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Senate Democrats pan Trump's payroll tax proposal as 'huge mistake'

Senate Democrats say President TrumpDonald TrumpBlinken holds first calls as Biden's secretary of State Senators discussing Trump censure resolution Dobbs: Republicans lost in 2020 because they 'forgot who was the true leader' MORE’s plan to dramatically cut payroll taxes as a response to the coronavirus outbreak's hit to the economy is a “huge mistake” that will take a “wrecking ball” to Social Security.

They are vowing to oppose it even though many of them supported President Obama’s decision to cut payroll taxes in 2011 ahead of his 2012 reelection.

Democrats argue that tax cuts won’t help people who miss work because of the coronavirus.

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Sen. Ron WydenRonald (Ron) Lee WydenWhat the shift in Senate control means for marijuana policy reform Hawley files ethics counter-complaint against seven Democratic senators Hillicon Valley: Intelligence agency gathers US smartphone location data without warrants, memo says | Democrats seek answers on impact of Russian hack on DOJ, courts | Airbnb offers Biden administration help with vaccine distribution MORE (Ore.), the senior Democrat on the Finance Committee, called Trump’s payroll tax proposal a “huge mistake” that would “amount to hundreds of billions of dollars in tax cuts for big corporations.”

“What they want to do is hit Social Security like a wrecking ball with a massive tax cut for the country’s biggest corporations,” Wyden added. “We are going to oppose this with everything we have.”

“With respect to the Senate Finance Committee and our Democrats this will not happen. Period. Full Stop,” he said, banging the podium at a Tuesday press conference.

Wyden said the situation is different than 2009 when Democrats supported a payroll tax cut to stimulate the economy.

“If you have lost shifts, for example, if you get tips, you don’t benefit. If you don’t have much in terms of sick leave … and you’re out of work,” he said, checking off a list of people who he said would be hurt by coronavirus but not helped directly by a payroll tax cut.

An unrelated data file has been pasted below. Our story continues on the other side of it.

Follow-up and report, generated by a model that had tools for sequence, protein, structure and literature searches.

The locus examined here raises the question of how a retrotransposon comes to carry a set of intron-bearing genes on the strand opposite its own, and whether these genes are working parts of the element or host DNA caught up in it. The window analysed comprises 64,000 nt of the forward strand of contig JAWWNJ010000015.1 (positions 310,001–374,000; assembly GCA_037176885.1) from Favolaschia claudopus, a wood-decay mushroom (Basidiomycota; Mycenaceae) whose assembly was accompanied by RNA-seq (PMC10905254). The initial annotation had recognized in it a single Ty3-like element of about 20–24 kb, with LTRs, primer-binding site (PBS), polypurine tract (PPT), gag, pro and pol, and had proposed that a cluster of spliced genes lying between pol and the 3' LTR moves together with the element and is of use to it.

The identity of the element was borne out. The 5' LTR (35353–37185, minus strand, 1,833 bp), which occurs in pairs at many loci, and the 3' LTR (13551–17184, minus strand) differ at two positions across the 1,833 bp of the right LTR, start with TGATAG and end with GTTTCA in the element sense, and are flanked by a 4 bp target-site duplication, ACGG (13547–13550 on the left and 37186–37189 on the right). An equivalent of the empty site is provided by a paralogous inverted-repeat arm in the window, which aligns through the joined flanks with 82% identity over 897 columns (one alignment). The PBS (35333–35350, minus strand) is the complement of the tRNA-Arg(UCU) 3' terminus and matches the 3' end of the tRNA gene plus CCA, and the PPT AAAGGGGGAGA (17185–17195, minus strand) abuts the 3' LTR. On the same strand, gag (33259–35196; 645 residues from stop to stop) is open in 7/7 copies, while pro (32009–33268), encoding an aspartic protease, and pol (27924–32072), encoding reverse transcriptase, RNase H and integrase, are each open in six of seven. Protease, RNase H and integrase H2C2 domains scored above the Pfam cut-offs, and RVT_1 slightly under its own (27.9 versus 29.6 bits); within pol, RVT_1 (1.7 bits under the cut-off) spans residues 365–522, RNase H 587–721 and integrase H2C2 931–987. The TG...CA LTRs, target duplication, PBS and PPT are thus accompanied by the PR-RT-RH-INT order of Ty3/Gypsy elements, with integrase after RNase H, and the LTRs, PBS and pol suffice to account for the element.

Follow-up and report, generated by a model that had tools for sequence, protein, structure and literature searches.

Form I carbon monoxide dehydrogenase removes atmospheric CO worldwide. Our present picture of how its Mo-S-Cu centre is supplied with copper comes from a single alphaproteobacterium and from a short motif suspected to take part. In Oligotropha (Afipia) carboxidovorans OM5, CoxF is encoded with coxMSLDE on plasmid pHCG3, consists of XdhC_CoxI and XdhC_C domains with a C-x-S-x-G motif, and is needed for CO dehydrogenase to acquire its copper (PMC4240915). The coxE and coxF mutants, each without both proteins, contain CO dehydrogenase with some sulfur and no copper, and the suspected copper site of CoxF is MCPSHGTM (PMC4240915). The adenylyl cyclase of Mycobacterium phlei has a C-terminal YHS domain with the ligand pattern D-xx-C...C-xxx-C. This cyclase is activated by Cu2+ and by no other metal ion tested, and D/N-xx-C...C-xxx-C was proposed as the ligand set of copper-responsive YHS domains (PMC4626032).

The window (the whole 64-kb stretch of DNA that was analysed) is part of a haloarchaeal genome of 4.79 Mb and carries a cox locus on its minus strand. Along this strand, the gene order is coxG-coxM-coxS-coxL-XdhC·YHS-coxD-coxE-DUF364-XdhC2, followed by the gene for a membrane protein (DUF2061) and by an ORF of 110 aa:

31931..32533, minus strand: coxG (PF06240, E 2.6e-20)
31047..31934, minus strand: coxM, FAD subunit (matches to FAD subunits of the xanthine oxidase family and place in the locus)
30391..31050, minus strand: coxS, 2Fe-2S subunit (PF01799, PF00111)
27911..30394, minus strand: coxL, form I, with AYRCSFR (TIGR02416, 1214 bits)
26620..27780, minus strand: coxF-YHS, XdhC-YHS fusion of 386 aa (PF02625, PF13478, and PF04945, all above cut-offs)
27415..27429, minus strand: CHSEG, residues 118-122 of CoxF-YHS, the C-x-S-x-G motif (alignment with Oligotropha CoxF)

Senate Democratic Leader Charles SchumerChuck SchumerHumanist Report host criticizes 'conservative Democrats:' They 'hold more power' than progressives Bush-, Obama-era officials urge Senate to swiftly confirm Biden's DHS pick OVERNIGHT ENERGY: Court upholds ruling invalidating Dakota Access, but doesn't shut down pipeline | Schumer calls for Biden to declare climate emergency | Biden seeks to bolster consultation with Indian Country MORE (N.Y.) said Trump’s plan to cut taxes was too unfocused to help people hurt by the spread of coronavirus.

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“We believe the help should be aimed at people not at corporations. We believe the help should be targeted at the people who have suffered from this coronavirus problem,” he said. “We don’t think they should just throw money out of an airplane and hope some of it lands on the people who are affected.”

Asked Tuesday if Democrats would oppose any stimulus package that contained a payroll tax reduction, Schumer said, “you heard our comments on that.”

Sen. Sherrod BrownSherrod Campbell BrownFinancial firms brace for Biden's consumer agency chief Portman planned exit sets off Ohio free-for-all Portman won't run for reelection MORE (Ohio), the senior Democrat on the Banking Committee, also panned Trump’s payroll tax plan.

“I support helping those people that are getting hurt. It doesn’t mean more interest rate cuts, it doesn’t mean more tax cuts that favor the wealthy, which Trump always does,” he said.

Democrats instead are rallying round a broad, three-pronged plan that would provide emergency unemployment insurance and paid sick days for people who have to stay home from work because of the virus; grants to small businesses who lose profits and workers because of the pandemic; and housing, food and education assistance.

Democrats are proposing legislation that would allow employees to earn up to seven days of sick leave that would be available at the beginning of any public health emergency.

They are also calling for payment forbearance for a period of up to six months for federally insured or guaranteed mortgages and federal student loans.

Another idea is a disaster relief program whereby funding would be distributed through governors, mayors and county officials to deal with local economic crises.

“[For] many of these ideas, we consulted the state and local officials who are going through this problem,” Schumer said. “And lots of what we proposed comes exactly from them. So this is not just something we’ve thought up on our own. We’ve talked to them.”

He and other Democrats have proposed for direct grants for eligible small businesses and supplemental funding to public transportation agencies and Amtrak to help efforts to limit virus transmission on public transportation and prevent reductions in services.

Democrats have drafted a variety of housing, food security and education proposals to further target emergency assistance.

They want emergency rental assistance and emergency mortgage assistance to help people struggling to make rent and mortgage payments.

Their food security proposals include waiving restrictions on the Supplemental Nutrition Assistance Program and on free school lunches.

They also want to provide additional funding to support food banks and schools that provide free and reduced-cost meals.